Will anyone challenge Inso in electronic delivery?

December 17, 1998

Mark Walter

The Seybold Report on Internet Publishing
Vol. 3, No. 4

For years DynaText, created by Electronic Book Technologies and then sold to Inso, has ruled the high end of SGML document delivery. Its most serious competition came from Synex, which Inso gobbled up earlier this year.

Today there are signs that the dynasty is vulnerable. The emergence of XML viewers from Netscape and (soon we hope) Microsoft gives developers an alternative base platform for creating XML client software. On the server side, the lack of true database functionality in DynaWeb creates an opening for repository-based Web production servers.

Rising to the challenge. Among the alternatives shown at the recent XML98 event was a proof-of-concept built for the British defense agency. Database Publishing Systems demonstrated an XML- based interactive manual running from Internet Explorer 4. The system converts SGML source files into XML, loads them into an Access database, and then pulls chunks according to HTML-encoded pages.

Another example was CITEC, which resells Viewport in its MultiDoc Pro viewer. It previewed Multidoc Zilla, one of the first commercial products to make use of Netscape’s NG Layout.

AIS Berger Levrault showed the released version of Dual Prism, positioned as a DynaText/DynaWeb killer. It certainly features better scripting; AIS claims that it also is easier to configure than Inso’s product.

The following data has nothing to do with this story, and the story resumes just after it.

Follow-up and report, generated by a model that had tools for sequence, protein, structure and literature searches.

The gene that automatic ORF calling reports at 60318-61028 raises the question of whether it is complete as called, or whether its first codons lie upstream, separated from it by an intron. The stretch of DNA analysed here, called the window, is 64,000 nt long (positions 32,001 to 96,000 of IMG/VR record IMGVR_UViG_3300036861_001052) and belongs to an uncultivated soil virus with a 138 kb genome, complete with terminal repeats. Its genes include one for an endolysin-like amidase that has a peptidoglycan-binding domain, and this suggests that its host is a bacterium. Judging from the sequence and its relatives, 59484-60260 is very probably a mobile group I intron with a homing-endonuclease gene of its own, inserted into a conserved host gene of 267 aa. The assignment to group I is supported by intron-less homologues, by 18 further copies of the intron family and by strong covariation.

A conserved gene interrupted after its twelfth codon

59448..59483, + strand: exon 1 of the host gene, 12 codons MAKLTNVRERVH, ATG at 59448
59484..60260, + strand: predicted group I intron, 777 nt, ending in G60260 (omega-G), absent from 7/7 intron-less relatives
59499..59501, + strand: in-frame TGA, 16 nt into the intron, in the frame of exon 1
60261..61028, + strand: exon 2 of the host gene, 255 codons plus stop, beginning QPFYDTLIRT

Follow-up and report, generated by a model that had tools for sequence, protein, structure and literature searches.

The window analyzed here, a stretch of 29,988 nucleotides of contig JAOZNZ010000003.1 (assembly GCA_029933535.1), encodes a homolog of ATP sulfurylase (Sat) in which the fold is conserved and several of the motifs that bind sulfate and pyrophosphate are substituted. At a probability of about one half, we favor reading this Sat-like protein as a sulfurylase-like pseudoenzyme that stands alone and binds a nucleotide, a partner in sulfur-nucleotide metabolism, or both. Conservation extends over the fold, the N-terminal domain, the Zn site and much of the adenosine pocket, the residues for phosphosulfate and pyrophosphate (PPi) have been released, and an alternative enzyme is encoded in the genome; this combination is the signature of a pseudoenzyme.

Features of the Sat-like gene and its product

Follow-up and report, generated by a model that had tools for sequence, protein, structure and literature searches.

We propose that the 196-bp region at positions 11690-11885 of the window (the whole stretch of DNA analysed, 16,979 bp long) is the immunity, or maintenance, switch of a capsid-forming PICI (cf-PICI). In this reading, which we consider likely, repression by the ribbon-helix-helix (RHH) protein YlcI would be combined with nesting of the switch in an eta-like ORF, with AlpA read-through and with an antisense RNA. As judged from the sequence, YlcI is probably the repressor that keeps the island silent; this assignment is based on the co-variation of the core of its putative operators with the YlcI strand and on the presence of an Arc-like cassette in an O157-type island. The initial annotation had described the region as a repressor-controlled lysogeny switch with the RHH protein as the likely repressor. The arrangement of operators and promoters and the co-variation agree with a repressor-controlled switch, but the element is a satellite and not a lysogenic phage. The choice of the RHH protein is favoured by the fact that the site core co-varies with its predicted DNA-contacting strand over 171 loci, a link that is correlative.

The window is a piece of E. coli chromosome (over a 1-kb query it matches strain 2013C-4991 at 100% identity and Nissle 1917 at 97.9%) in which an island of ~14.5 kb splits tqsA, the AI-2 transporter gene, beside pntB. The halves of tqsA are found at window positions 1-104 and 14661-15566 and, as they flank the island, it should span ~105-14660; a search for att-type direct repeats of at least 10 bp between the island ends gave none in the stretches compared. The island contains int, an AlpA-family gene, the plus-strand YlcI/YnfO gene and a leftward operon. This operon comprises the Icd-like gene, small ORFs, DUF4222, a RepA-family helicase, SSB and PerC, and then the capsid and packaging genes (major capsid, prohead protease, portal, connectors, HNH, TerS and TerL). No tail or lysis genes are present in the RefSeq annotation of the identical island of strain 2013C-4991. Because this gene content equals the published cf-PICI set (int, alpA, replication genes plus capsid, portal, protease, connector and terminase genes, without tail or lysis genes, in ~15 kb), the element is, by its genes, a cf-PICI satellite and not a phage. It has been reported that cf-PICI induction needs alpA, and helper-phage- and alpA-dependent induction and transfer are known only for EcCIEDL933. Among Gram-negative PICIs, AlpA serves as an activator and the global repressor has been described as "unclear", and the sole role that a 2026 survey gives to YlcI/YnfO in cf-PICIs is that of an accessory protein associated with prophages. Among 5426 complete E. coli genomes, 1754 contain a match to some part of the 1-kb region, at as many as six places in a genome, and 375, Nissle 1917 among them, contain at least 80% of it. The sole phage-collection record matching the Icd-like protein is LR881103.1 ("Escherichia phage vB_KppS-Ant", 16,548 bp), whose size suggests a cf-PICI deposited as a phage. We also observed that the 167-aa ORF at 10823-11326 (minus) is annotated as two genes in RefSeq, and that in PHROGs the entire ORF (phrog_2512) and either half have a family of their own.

Another scripting specialist, OmniMark, continues to win customers to its transformation language, especially with the release of Konstructor, a complete toolkit for creating XML-powered Web sites. OmniMark is said to be working on a user interface to Konstructor, a move that would make it suitable to a much wider audience.

Inso is not standing still, of course. At this event it demonstrated the Synex viewer running on hand-held computers and released the Technician’s Edition of DynaText. DynaText/TE comes with a set of prebuilt functions, built by the TechSight group at General Dynamics, for creating interactive documentation. The package lacks a good authoring front end, but if you have SGML source files for your interactive manuals, you can have someone accustomed to writing DynaText styles create the interactive manual, instead of having to enlist the aid of a C or C++ programmer.